SIPP mis-selling has been so abundant in recent years that it has hit scandal proportions. It was even dubbed “the dawn of a new mis-selling scandal” by the Sunday Times.
A reported £695m has so far been paid out by the Financial Services Compensation Scheme for SIPP related claims.
And Billions of pounds have been lost as a result of the unregulated or high-risk investments in mis-sold SIPPs.
The SIPP mis-selling scandal refers to the incredible number of Self-Invested Personal Pensions that have been mis-sold to consumers.
People have been targeted by unregulated introducers cold calling and misleading them with biased pension reviews designed to sell unsuitably high-risk investment schemes – without having the regulated authority to do so.
SIPP mis-selling may also involve negligent pension transfer advice from financial Advisers or Pension Providers skirting on the edges of regulatory responsibility, accepting business and investments without applying proper due diligence.
SIPPs themselves are not the problem. They can be great investment products for the right kind of investor.
Unfortunately, thousands of people who are not suitable for SIPPs or the investments involved have been mis-sold.
Some believe the SIPP scandal is down to unscrupulous Financial Advisers, SIPP operators and Unregulated Introducers abusing the product. Using them as a way to get people to invest their pension in high risk, unregulated investments.
The majority of SIPP mis-selling cases begin with an Unregulated Pension Introducer and a Free Pension review.
The outcome of the pension review will be a biased recommendation to move your money into a particular investment.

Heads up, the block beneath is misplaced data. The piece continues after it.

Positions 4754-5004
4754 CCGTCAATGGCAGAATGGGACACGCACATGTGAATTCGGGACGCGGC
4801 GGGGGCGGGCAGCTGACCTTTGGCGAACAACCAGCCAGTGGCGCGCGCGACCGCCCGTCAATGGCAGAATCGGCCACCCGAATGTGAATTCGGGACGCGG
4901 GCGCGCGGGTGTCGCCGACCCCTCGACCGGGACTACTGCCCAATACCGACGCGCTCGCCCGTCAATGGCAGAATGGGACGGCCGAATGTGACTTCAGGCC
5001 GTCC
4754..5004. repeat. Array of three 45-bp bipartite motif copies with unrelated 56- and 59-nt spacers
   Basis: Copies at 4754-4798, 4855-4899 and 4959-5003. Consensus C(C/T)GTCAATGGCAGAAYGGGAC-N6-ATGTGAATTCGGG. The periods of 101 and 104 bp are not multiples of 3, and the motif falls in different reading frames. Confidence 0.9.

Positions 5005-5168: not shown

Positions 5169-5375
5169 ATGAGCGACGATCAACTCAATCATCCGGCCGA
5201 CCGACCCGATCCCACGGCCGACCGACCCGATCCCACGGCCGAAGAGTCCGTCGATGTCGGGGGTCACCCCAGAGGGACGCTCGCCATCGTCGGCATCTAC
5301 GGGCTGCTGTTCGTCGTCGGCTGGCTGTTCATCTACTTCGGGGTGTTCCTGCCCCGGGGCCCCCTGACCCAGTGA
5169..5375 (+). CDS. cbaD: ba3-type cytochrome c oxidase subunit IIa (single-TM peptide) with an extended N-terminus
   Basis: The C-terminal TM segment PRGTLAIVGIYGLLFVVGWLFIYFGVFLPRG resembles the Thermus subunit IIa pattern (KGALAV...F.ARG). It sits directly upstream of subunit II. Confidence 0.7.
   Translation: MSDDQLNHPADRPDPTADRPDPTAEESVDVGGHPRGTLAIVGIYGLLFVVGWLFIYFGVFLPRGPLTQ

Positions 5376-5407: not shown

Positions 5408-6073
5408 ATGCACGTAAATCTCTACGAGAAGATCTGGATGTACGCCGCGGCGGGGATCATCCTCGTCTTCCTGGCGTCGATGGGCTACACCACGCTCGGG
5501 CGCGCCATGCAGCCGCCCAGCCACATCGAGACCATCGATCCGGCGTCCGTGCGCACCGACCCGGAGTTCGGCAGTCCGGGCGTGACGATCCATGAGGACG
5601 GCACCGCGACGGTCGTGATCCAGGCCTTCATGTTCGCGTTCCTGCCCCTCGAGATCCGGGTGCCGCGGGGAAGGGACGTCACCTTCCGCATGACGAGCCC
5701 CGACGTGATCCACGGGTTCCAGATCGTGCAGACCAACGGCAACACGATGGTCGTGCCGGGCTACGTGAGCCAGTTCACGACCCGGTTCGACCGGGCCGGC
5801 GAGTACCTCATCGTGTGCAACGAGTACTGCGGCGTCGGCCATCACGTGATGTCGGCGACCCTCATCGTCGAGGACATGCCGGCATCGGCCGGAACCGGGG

Many may promise guaranteed high returns, better retirement outcomes and sometimes cash incentives.
The client will then be passed on to a regulated Adviser or SIPP provider to undertake the transfer or investment.
Introducers are fundamentally firms whose business is to “introduce” you to a product or company. For this they will usually receive a commission. They are not usually authorised to give pension or investment advice. This means they don’t have to act in your best interests or follow any rules or regulations.
There’s quite a lot of Unregulated Pension Introducers associated with mis-sold SIPP cases.
Here’s some of the most prolific…
Terence Wright ran several companies from Spain which targeted UK investors. These include Alhaurin Wealth Planning, PFR Services (Planning For Retirement), TPS Land, Cash In Your Pension and CL&P Brokers.
GAS Verdant, Los Pandos and Store First were some of the high-risk, unregulated investments his companies promoted.
Avacade Limited and Alexandra Associates directors were taken to court by the FCA and ordered to pay over £10m in restitution.
Their “unlawful pension advice” persuaded 2,000 investors to transfer over £91mn into SIPPs and alternative investments. Many of these investments have now failed or are in liquidation.
Caledonian International Associates (CI Associates) are known to have been actively involved in Armed Forces pension transfers.